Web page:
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Stress Exposure Early in Life May Lead to Lifelong Negative Health Issues

Gut health is important throughout an animal’s life. But it’s particularly important early in life when gut health contributes to the development of a number of critical systems and functions including the gut itself. Poor gut health — which can be brought on by an array of microbial, social, environmental and physiological stressors — can lead to systemic health problems and reduced performance throughout an animal’s life.

Early life is also an important stage for the development of gastrointestinal microbiota — the primary bacterial colonizers of the gut whose establishment and balance are key to proper gut health and overall wellbeing. Stress early in an animal’s life can have a significant impact on the microbiota. When faced with certain stressors, the microbial population in the gut becomes imbalanced and in turn, the animal becomes more vulnerable to other stressors and less capable of staving off illness related to pathogens. Ultimately, that can lead to inflammation, leaky gut and a range of other health problems that might otherwise be naturally overcome by a healthy animal.

Paying close attention to a few key conditions and health priorities in the early weeks of life of an animal's life can help to ensure proper gut health development and prevent these issues from occurring. Minimizing stressors that may impact your animals, for instance, is a major component of building a healthy gut and immune system.

"In pigs, calves and horses, this critical time window of gut health function development takes place in the first several weeks of life. This includes the establishment of a balanced microbiota, development of the intestinal barrier, mucosal immune system, enteric nervous system and hypothalamic pituitary axis," said Adam Moeser, MS, Ph.D., DVM, director of the Gastrointestinal Stress Biology Laboratory at Michigan State University. "The microbiome starts getting established early, and as the gut is developing in its new post-natal environment and getting exposed to new antigens and pathogens in the outside world, the gut is shaping itself for long-term function."

A look at key systems that influence gut health and immunity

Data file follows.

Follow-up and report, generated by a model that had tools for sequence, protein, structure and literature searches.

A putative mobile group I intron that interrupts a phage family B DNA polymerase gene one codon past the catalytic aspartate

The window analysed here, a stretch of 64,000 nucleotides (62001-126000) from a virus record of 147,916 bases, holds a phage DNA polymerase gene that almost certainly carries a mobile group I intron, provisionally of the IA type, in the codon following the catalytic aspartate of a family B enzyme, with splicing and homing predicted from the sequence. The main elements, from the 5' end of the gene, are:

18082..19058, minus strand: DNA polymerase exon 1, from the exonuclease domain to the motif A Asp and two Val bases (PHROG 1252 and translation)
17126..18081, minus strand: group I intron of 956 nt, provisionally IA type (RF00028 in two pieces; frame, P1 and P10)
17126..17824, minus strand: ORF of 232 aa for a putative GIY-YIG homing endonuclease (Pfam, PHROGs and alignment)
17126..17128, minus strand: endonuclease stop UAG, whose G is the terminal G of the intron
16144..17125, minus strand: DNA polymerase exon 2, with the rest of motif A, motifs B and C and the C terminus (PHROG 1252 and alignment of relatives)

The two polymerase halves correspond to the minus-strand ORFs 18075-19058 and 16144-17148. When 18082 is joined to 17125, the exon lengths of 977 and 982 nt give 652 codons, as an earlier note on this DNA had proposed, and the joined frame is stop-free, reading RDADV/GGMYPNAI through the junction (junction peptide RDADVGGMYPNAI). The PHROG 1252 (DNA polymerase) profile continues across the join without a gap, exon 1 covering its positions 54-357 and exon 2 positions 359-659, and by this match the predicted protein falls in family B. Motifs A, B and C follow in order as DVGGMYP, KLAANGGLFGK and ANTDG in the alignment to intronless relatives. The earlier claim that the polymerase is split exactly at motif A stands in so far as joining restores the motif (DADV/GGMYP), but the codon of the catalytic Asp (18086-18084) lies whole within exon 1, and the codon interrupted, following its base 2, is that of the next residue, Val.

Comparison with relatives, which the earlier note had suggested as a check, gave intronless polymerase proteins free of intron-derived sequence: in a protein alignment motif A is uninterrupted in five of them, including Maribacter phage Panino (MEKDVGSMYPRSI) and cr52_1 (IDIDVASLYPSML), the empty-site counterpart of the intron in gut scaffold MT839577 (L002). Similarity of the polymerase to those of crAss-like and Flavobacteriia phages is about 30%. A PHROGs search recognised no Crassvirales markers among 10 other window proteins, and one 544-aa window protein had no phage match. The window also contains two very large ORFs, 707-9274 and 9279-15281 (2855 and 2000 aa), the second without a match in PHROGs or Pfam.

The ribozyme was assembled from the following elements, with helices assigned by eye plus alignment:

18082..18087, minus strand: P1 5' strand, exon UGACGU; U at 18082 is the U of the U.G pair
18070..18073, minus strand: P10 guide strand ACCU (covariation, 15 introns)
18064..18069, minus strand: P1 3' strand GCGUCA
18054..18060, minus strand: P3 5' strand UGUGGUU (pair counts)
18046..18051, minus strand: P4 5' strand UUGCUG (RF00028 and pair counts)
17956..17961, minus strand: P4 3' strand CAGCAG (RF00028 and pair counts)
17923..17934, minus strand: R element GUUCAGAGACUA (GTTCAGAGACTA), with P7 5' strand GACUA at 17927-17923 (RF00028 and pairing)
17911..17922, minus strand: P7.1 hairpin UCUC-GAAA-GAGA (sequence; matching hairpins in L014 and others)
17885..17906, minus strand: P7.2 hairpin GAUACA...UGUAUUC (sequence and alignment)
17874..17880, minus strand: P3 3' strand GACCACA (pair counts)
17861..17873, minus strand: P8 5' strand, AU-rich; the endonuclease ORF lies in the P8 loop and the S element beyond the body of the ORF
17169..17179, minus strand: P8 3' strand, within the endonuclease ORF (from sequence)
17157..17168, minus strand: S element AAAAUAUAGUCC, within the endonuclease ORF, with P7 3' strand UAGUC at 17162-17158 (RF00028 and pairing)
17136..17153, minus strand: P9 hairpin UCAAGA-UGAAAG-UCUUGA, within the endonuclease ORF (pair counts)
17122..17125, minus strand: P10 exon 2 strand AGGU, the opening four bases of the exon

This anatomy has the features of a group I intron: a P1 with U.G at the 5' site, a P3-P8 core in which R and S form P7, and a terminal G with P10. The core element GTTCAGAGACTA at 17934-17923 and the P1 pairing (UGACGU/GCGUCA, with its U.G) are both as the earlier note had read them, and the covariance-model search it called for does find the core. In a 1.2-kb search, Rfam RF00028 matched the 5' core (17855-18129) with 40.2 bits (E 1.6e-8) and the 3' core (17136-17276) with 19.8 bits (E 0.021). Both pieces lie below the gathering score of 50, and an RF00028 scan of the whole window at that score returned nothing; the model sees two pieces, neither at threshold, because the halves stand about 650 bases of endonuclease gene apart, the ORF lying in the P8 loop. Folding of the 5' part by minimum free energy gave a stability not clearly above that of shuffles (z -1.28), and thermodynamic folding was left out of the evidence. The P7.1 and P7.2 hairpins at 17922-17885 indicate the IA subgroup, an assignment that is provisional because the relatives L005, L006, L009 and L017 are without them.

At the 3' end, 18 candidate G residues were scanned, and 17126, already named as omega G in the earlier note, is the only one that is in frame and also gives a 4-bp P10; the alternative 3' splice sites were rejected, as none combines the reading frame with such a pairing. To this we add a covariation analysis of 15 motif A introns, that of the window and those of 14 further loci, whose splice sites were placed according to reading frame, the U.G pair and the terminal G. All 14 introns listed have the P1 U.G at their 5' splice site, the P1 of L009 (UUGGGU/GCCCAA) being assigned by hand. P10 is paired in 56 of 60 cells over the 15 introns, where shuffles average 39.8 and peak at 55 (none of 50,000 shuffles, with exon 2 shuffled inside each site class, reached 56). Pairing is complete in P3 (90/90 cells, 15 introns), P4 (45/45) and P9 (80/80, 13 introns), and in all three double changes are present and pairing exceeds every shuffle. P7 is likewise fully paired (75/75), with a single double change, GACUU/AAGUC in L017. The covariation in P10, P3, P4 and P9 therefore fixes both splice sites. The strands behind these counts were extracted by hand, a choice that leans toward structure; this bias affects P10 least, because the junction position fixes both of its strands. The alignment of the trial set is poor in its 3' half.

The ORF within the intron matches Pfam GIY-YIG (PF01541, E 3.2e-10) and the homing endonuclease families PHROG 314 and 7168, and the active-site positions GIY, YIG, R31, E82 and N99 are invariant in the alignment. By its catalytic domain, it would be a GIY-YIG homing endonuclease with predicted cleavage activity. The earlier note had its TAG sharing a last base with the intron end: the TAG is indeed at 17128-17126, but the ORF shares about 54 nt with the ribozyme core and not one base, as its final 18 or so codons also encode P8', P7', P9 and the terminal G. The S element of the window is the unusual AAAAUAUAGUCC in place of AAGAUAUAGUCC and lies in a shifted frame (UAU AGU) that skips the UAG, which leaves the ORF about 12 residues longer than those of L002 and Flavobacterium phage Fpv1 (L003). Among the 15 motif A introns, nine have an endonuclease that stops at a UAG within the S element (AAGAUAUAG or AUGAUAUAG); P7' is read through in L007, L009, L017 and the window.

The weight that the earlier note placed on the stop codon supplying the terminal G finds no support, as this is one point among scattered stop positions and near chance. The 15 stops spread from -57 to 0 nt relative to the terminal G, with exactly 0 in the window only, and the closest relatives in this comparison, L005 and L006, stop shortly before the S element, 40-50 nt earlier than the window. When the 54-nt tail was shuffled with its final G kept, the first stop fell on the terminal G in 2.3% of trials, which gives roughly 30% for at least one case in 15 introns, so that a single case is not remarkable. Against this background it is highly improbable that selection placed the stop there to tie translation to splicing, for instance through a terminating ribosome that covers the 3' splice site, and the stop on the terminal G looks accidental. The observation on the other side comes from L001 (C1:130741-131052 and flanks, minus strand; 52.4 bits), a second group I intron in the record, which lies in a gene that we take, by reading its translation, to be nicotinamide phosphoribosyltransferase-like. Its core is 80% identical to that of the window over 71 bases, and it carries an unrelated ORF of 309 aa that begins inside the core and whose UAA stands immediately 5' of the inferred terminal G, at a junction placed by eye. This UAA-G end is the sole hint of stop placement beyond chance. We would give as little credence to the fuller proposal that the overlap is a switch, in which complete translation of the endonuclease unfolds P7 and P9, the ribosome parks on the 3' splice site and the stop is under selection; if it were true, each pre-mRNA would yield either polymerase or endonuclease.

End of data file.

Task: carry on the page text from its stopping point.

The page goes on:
The development of specific systems and physiological processes during early gut and microbiome development is important to a range of critical internal functions:

  • Microbiota: While not an organ per se, a balanced microbiome is critical to prevention of pathogen entry, gut health and over all wellbeing throughout an animal’s life. Imbalance leads to making the animal susceptible to other diseases.
  • Intestinal barrier: Absorbs nutrients and prevents potentially toxic molecules from colonizing and damaging other internal tissues. The intestinal barrier and the tight junctions that reinforce it must be strong in order to prevent a “leaky” gut.
  • Mucosal immune system: Provides a first line of defense against antigens and infections and prevents systemic immune responses to common bacteria and food proteins. In fact, about 70% of an animal’s immune system resides in the gut.
  • Hypothalamic pituitary-adrenal axis: Regulates the animal's hormonal, behavioral and physiological responses to stress.

Though these systems oversee different internal functions, they all have one thing in common: they are key components to an animal's ability to withstand stress without enduring any damage from invading pathogens. Weak development of any of these systems early in life compounds the impact of stress throughout the lifetime of the animal and leaves them more susceptible to physiological damage later in life, leading to shortcomings in overall health and performance. 

"Because of the plasticity of the gut and its ability to change and develop over time, a lot of stress during these critical periods has the potential to alter the trajectory of gut development and basically rewire gut function to an inferior state," Moeser said. "It's most likely an adaptive function to survive and thrive in this stressful environment as the gut’s being programmed. This altered function long term can lead to increased disease risk later in life."

Management changes to minimize livestock stress in both young and older animals

The good news is that stress — and its adverse short- and long-term consequences — can be mitigated. Altering management practices to limit the amount of stress animals experience during transition periods like weaning and feed changes are especially crucial. Here are six tips to minimize livestock stress:

6 tips to minimize stress for better lifetime health and performance

  1. Assure animals are hydrated and that feeding schedules are not interrupted
  2. Maintain a temperate environment (i.e., avoid excessive heat or cold) when possible and ensure proper ventilation
  3. Ensure social stressors — like overcrowding — are closely monitored and managed
  4. Limit physically exhaustive events — such as trailering and loading/unloading
  5. Enforce proper biosecurity protocols — limiting external disease/pathogen exposure
  6. Consider nutritional approaches to stress and gut health – such as chromium propionate for cortisol reduction and a butyric acid/zinc combination for improved intestinal integrity

It’s crucial to remain attentive to these and other stressors and make management adjustments at key points in animals' lives — especially early on.

"Stressors during weaning, for example, not only have an impact in the immediate period, but also have long-lasting impacts that can carry into adulthood and subsequent production phases," Moeser said.

Hear more from Dr. Moeser and other gut health experts at

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